It was the impression left on the federal government’s culture that this president will be remembered for, said Jennifer Pahlka, Code for America’s executive director. “Ten years from now, I think the biggest impact...will be on leadership in government and how they think, more than anything else,” said Pahlka. “One thing that could have absolutely gone differently was the way in which he called on people from the outside to rescue HealthCare.gov. The fact that he so much stood behind that and was willing to back these outsiders, that I think was a turning point, and the fact that he learned the right lesson from it and decided to institutionalize it.” The president led on open data, cybersecurity and the creation of new government roles, but his greatest legacy lies in his constancy, said former Philadelphia Chief Innovation Officer Adel Ebeid. Backing programs he believed in and serving as a template that others could model themselves after, President Obama lived up to his charge as a spiritual leader.
How Digital is Your State?
Just as a school teacher roots for his students, the Center for Digital Government is hopeful every two years that each respondent to its Digital States Survey will astound with reports of their technological feats. Though a competition of sorts, the Digital States Survey is more a showcase of state government's collective technology portfolio. And the outlook suggested by the 2016 survey is as strong as one would expect given the financial growth of the gov tech sector and the public's increasing interest in civic participation.
No states received a D or F, and just eight states landed in the C grade range. A growing number of states fill out the top of the curve compared to surveys past — 20 states earned a grade of B+ or higher, and a whopping 10 states earned an A or A-. States with a solid A grade are Michigan, Missouri, Ohio, Utah and Virginia. Common trends among the A students were a strong focus on cybersecurity, shared services, cloud computing, IT staffing, budgeting and use of data.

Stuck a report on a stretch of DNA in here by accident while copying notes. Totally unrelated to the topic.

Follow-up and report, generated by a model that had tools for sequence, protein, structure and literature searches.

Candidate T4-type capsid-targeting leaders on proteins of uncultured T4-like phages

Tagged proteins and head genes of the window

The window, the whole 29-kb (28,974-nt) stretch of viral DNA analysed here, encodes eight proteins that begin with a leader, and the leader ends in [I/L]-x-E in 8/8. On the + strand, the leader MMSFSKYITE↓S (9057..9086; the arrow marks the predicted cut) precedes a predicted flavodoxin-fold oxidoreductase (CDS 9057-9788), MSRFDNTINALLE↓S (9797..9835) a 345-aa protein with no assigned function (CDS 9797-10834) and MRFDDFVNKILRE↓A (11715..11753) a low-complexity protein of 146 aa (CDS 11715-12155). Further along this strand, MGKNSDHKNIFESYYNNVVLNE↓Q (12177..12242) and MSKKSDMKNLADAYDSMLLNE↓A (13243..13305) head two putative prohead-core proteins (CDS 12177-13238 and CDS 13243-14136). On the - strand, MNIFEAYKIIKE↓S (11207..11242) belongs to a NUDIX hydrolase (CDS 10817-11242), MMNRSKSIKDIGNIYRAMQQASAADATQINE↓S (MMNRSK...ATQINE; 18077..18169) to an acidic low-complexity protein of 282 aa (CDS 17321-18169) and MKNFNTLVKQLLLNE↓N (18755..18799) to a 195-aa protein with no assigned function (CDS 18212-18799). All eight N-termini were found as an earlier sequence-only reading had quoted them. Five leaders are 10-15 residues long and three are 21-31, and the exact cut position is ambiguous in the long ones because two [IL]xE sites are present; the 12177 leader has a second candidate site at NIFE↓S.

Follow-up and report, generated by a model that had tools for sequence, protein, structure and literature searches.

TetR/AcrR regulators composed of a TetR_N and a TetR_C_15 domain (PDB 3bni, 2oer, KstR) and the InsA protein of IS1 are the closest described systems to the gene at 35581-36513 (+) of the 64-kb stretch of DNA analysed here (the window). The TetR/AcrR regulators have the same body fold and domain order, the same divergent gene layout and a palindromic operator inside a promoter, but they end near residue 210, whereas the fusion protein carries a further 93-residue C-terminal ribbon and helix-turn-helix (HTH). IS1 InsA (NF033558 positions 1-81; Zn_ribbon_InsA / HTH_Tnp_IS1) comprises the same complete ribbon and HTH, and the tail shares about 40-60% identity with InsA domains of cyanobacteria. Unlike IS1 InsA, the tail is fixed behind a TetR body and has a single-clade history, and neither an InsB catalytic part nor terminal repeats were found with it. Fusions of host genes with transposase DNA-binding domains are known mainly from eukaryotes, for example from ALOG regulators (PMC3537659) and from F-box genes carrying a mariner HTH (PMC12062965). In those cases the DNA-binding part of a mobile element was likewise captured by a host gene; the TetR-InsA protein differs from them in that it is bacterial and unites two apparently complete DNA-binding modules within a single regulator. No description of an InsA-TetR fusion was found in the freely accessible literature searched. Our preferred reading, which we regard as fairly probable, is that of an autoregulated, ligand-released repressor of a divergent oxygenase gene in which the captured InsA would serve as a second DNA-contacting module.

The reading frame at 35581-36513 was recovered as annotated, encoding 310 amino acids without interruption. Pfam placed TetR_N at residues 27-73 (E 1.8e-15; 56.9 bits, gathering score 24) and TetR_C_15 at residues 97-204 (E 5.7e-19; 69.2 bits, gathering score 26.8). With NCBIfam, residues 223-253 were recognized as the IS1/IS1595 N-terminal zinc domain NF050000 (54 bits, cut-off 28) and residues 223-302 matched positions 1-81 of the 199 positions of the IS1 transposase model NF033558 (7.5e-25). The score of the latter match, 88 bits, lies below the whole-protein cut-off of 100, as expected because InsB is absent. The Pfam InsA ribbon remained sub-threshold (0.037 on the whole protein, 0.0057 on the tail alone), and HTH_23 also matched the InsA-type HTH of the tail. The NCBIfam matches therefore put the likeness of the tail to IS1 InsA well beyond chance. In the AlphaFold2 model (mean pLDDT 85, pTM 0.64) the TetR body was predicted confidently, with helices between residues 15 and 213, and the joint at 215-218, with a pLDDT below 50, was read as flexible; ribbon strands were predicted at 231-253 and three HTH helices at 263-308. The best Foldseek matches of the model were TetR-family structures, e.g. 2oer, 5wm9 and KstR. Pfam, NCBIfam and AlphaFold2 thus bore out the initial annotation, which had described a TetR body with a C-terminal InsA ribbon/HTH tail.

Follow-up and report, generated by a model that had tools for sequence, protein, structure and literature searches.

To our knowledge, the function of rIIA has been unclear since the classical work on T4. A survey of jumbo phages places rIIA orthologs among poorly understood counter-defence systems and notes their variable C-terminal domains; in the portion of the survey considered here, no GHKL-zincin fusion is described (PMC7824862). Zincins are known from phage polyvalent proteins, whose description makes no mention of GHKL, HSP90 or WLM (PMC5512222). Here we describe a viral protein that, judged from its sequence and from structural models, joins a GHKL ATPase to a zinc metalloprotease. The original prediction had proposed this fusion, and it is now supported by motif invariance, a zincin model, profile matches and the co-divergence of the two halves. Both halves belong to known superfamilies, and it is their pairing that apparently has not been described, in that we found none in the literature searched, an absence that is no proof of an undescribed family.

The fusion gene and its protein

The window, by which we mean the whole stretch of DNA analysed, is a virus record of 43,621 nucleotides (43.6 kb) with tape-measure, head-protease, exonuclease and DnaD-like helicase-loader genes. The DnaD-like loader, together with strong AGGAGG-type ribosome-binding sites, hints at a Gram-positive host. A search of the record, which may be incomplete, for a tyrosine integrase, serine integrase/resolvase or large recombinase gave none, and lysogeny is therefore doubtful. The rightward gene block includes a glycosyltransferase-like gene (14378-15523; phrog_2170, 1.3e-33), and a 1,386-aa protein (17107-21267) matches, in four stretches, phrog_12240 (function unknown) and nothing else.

Can Open Data Find a Business Model?
It’s hard to find anyone who hasn’t heard of open data by now, and yet the state and local governments working to expose their data are vastly outnumbered by those that are waiting for a solid business case to support the idea before they try it.
Open data, by its nature, does not guarantee specific cost savings, service improvements or more efficiency. The uncertainty that wards off so many is the same trait that makes open data alluring to those who were willing to make the leap of faith.
Three open data advocates in Pasadena and Riverside (CA) and in Chicago shared what it takes to get started on open data, why it’s worth it, and the arguments they use when faced with opposition.
Can Cities Wait Until 2084 for Google Fiber?
Technology is becoming the new religion, and the dogma is just as impenetrable. Issues of personal privacy, social equality, and economic policy are each day bound tighter to outcomes in the digital world.
As technology becomes a progressively more integral part of daily life, the stakes are raised in equal measure.
The broadband market is changing quickly, and America’s emotional investment in tomorrow’s winners and losers grows ever more entrenched. Google is disrupting the increasingly concentrated broadband market with Fiber, a brand of gigabit networks being built in Kansas City; Austin, Texas; and Provo, Utah.
Being an innovative tech giant, flush with cash, and also a newcomer to the broadband market is allowing Google to play by a different set of rules, and the existing providers are paying close attention. Fiber offers customers connection speeds sometimes 150 times faster than what they were getting, and at just $70 a month. The idea of being freed from the incumbent providers has captured the attention of the public at large, as thousands beg for Google to build in their cities.
In February, Google announced 34 cities where Fiber may build next, but experts are unsure of Google’s commitment to becoming a force that does more than just agitate the market. In the few areas Google does operate, though, they are forcing competition where previously there was none, and that was probably Google’s intention from the start, Mastrangelo said.
“That’s why Google excites people -- it gives them a choice and a really fantastic service,” she said. “It’s something that isn’t available from the competition, so they have a tremendous competitive advantage in the markets that they’ve entered.”